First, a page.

Ohio’s Impact on the War Series: Ohio’s Immigrants

By arohmiller, posted on October 23rd, 2013.
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Written by: Catherine (Kidd) Wilson, Greene County Ohio Historical Society

In some ways, almost all Ohioans are immigrants, in the sense of starting out somewhere else. Even the Shawnee came from the South in the 1730s. During the Civil War period, many of the more recent arrivals to our fair state contributed in various ways to the war effort. The countries providing the most people were the German states (such as Prussia or Hesse Darmstadt) and Ireland, as well as the rest of northwestern Europe.

Immigrants made up entire regiments, such as the 9th Ohio Volunteer Infantry, also known as “Die Neuner.” These were Germans from Cincinnati, for the most part, and field commands were given in that language. August Willich, who rose to the rank of brevet Major General, started his Civil War career in “Die Neuner.” Godfrey Weitzel, Bavarian native and Cincinnati resident, was a major general in the Union Army as well as the acting mayor of New Orleans during its Federal occupation. Many Irish immigrants had come over to work on the railroads, an important part of the war impact, and also served in the military. Some sources state that as many as 23 percent of the Union Army was foreign-born.

Some lesser-known groups could also be considered as immigrants; they are more properly emigrants, since they did not come from beyond US borders. Ohio was a destination for enslaved people in the years leading up to the conflict, as well as displaced Union sympathizers early in the war. An example of reverse immigration that was an important factor/controversy during the war was the Colonization Society, resettling enslaved people often those born in the US into African colonies.

Leaving all the scholarly stuff behind, here is the tale of two immigrants that I know well: my ancestors, Johann Gottfried Kirschner, 1825-1900, and James Lawrie, 1833-1864. Both came to Cincinnati in the 1850s and married there, to women from the “old country.” Their descendants became my ancestors when my grandparents married in 1932.

1860 wedding photo of Gottfried Kirschner and Elisabeth Schwartz.  Photo courtesy of Catherine Wilson.

1860 wedding photo of Gottfried Kirschner and Elisabeth Schwartz. Photo courtesy of Catherine Wilson.

Gottfried Kirschner (he went by his middle name) came to the United States from Prussia with his mother and sister, in 1853. He married Elisabeth Schwartz in 1860; she was one of four sisters who had come to the Cincinnati area. All of the Schwartz girls married immigrants, as did Gottfried’s sister Paulina. According to Gottfried’s papers, he was ineligible to serve in the military in Prussia, as he was just over 5 feet tall; he had blue eyes and brown hair. More importantly, as a machinist and locksmith, his profession was important for wartime production. Gottfried and Elisabeth had 10 children together, six of which lived to adulthood. He traded his property in Cincinnati for 100 acres in Adams Co. in the 1870s, and died on the farm there. He and Elisabeth are buried at Manchester IOOF Cemetery.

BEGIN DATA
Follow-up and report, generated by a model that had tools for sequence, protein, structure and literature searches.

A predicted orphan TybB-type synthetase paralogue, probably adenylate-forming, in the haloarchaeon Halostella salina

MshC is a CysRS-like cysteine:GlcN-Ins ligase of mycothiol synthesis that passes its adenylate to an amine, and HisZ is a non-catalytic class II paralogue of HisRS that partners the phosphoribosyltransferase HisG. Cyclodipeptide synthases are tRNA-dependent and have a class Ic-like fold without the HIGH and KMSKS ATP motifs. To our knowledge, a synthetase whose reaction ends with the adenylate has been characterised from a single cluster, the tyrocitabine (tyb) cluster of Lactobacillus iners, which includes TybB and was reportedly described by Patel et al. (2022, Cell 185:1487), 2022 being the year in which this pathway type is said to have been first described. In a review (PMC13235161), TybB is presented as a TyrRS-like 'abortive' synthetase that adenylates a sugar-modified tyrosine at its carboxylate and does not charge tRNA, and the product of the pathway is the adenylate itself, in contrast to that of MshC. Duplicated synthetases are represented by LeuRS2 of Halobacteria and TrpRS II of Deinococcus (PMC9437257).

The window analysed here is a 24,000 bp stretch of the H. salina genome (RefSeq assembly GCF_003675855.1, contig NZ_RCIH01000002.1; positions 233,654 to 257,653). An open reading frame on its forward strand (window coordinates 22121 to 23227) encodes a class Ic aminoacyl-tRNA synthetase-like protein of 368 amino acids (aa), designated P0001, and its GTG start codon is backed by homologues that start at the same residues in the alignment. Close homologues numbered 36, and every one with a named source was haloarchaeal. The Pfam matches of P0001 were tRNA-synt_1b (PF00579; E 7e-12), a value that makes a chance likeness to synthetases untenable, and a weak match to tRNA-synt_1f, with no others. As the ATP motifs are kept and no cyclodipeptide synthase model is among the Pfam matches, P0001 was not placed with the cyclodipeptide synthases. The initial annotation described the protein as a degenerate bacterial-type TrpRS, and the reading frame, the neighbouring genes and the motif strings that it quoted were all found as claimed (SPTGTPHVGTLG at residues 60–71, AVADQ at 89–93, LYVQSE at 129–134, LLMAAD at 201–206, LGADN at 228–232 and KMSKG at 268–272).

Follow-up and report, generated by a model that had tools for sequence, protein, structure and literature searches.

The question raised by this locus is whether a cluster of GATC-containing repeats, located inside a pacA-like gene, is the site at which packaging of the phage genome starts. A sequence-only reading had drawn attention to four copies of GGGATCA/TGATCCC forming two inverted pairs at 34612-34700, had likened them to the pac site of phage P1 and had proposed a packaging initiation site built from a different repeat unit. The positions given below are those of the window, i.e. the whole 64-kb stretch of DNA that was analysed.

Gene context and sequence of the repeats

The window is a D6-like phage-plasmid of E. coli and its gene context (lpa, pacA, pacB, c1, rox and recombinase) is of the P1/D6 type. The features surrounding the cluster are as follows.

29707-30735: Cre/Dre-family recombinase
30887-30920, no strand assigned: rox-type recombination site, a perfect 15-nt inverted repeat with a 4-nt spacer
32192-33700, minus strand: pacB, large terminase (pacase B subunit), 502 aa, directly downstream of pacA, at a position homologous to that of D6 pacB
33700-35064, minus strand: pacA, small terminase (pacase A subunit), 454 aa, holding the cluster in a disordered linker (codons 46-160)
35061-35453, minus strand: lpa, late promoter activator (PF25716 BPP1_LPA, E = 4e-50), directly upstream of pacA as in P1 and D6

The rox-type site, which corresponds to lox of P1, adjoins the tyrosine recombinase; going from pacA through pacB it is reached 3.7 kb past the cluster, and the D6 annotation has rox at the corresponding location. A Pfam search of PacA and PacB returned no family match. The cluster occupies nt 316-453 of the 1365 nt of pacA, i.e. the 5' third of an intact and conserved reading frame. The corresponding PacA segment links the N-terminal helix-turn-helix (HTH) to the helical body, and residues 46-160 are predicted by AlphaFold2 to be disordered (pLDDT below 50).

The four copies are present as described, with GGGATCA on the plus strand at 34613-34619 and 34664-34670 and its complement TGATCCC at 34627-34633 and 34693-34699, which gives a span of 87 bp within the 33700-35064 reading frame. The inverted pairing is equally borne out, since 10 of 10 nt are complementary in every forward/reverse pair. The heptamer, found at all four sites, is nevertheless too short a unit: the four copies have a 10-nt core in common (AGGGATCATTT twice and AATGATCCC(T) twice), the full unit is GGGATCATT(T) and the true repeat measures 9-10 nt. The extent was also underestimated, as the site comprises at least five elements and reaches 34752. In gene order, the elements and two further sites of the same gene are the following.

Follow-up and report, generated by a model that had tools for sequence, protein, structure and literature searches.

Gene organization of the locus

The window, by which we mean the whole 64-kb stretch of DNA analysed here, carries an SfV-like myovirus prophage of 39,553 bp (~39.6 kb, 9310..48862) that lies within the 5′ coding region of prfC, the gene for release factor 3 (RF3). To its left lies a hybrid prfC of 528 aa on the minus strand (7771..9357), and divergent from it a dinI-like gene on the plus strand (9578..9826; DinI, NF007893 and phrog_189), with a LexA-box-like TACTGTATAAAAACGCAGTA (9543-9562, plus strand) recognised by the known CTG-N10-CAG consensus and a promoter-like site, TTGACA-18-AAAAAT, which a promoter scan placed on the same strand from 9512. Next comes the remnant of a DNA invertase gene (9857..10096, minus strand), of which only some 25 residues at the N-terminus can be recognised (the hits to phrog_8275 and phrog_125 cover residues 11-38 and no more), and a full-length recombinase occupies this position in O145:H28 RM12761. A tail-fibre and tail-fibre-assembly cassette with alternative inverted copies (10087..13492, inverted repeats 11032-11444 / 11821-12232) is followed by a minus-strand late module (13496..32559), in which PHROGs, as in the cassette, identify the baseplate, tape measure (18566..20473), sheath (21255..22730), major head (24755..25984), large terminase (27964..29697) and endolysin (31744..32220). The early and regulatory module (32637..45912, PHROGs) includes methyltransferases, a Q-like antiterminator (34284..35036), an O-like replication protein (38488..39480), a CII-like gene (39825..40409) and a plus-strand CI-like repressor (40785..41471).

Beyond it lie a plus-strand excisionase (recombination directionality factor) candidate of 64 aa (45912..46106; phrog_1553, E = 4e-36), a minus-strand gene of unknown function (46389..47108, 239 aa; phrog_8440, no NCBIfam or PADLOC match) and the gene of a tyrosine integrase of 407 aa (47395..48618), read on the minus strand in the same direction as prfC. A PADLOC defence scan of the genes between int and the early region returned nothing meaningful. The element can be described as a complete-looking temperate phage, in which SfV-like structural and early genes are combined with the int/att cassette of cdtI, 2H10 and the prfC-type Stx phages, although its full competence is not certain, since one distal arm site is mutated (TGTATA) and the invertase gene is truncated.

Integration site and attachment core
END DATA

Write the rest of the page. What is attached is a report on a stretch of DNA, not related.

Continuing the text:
1854 wedding photo of James Lawrie and Margaret Waite, in Cincinnati.  Photo courtesy of Catherine Wilson.

1854 wedding photo of James Lawrie and Margaret Waite, in Cincinnati. Photo courtesy of Catherine Wilson.

James Lawrie was born in Scotland, near Edinburgh, and came to the United States sometime in the early 1850s. He married Margaret Waite, also of Scotland, in 1854 in Cincinnati, where he was employed as a chandler. They moved to near Aberdeen, Brown Co. sometime before 1860, near some other Scottish families, and had three children. James enlisted as a 2nd Lieutenant in Company C, 16th Kentucky Volunteer Infantry, raised across the river in Lewis Co. KY, mustering in January 1862; aged 28, with brown hair and blue eyes, he stood 5 feet 7 inches tall. He was detached as an ordnance officer at Knoxville from September to December 1863. He was mortally wounded in the thigh by grapeshot at Resaca GA in May 1864, and “never recovered from the effects of the chloroform,” according to the diary of Winchester Rudy, a private in his company. Lt. Lawrie left among his effects a pistol taken from a Confederate, which is still in the family. Margaret survived him by a little less than a year, dying in 1865. The three children were raised by local families of Scottish origin. James is buried at Chattanooga National Cemetery, Margaret at Charter Oak Cemetery in Aberdeen, OH. I have taken earth from each grave and placed it at the other site, so there is a little piece of Ohio in Tennessee and vice versa.


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